The Common Vein Copyright 2010
A teratoma is a neoplasm which originates from pleuripotent germs cells which can give rise to any type of tissue. They can arise from ectopic germ cell rests outside the gonads with common sites being in the head, mediastinum, and sacrococcygeal regions. When intracranial in location, they can be either intraaxial masses usually within the cerebral hemispheres or extra axial most commonly located in the pineal or suprasellar regions.
Their etiology is unknown at this point.
Pathologically, teratomas may be classified along a spectrum between mature to immature to malignant. Mature teratomas are well differentiated tissues and usually include tissues derived from all three embryonic layers including ectoderm, mesoderm, and endoderm. Occasionally they may contain tissues derived from one germ cell layer but include differing types of cells, for example they may contain only neural and skin elements both of which originate from ectoderm. Immature or malignant teratomas on the other hand have a histologic appearance of undifferentiated tissue resembling fetal tissue. Intraaxial teratomas tend to be histologically less mature than those seen in the pineal location. When located in the pineal region they tend to be encapsulated which is less likely in intraaxial masses.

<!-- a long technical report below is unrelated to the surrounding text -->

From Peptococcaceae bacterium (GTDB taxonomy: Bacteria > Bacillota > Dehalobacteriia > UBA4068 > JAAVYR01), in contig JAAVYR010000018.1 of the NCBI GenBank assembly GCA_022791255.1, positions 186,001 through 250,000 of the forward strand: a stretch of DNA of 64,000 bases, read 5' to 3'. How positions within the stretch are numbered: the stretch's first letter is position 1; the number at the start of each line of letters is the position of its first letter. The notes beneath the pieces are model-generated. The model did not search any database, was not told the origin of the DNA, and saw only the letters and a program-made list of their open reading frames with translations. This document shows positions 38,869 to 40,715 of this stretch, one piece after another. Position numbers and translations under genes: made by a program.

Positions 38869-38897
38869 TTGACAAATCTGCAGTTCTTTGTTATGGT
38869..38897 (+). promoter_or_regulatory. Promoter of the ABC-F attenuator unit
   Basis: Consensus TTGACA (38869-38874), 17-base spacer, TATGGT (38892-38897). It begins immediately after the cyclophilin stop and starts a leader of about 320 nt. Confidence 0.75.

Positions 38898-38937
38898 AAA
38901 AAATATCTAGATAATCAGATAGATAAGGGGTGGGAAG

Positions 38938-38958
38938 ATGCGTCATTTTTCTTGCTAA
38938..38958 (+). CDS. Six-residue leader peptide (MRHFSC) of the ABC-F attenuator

Clinically, patients with intraaxial teratomas are quite young, usually discovered prenatally up through under a few months of age. They can present during gestation with greater than expected uterine growth due to the large tumor or from polyhydramnios caused by mass effect on the brainstem leading to decreased fetal swallowing. These babies present with difficult delivery or enlarging head size after birth. Extra axial teratomas generally present later in older children or young adults. Pineal region teratomas, as with other pineal region tumors, can result in Paerinauds syndrome or vertical gaze palsy. They can also rupture and result in a chemical meningitis.
On imaging, both CT and MRI can play a role. Teratomas are complex heterogeneous multilocular masses. They may demonstrate mixed density of lipid, CSF, soft tissue, and calcific density. These findings can be seen with the help of both CT and MRI. After contrast administration, the soft tissue components of these tumors may enhance as well as the lining of the cystic components. When seen on prenatal or neonatal ultrasound, these masses appear as complex intracranial masses with mixed echogenicity, often with cystic anechoic components and with hyperechoic likely calcific areas.
Despite the nonaggressive histologic features of intracranial teratomas which present in a neonate, they are typically aggressive with rapid growth and a poor prognosis.
Smirniotopoulos JG, Chiechi MV. Teratomas, dermoids, and epidermoids of the head and neck. RadioGraphics 1995; 15:1437-1455
Bruce A. Sandow, Christopher E. Dory, Maria A. Aguiar, and Alfred Z. Abuhamad Best Cases from the AFIP: Congenital Intracranial Teratoma Radiographics July 2004 24:1165-1170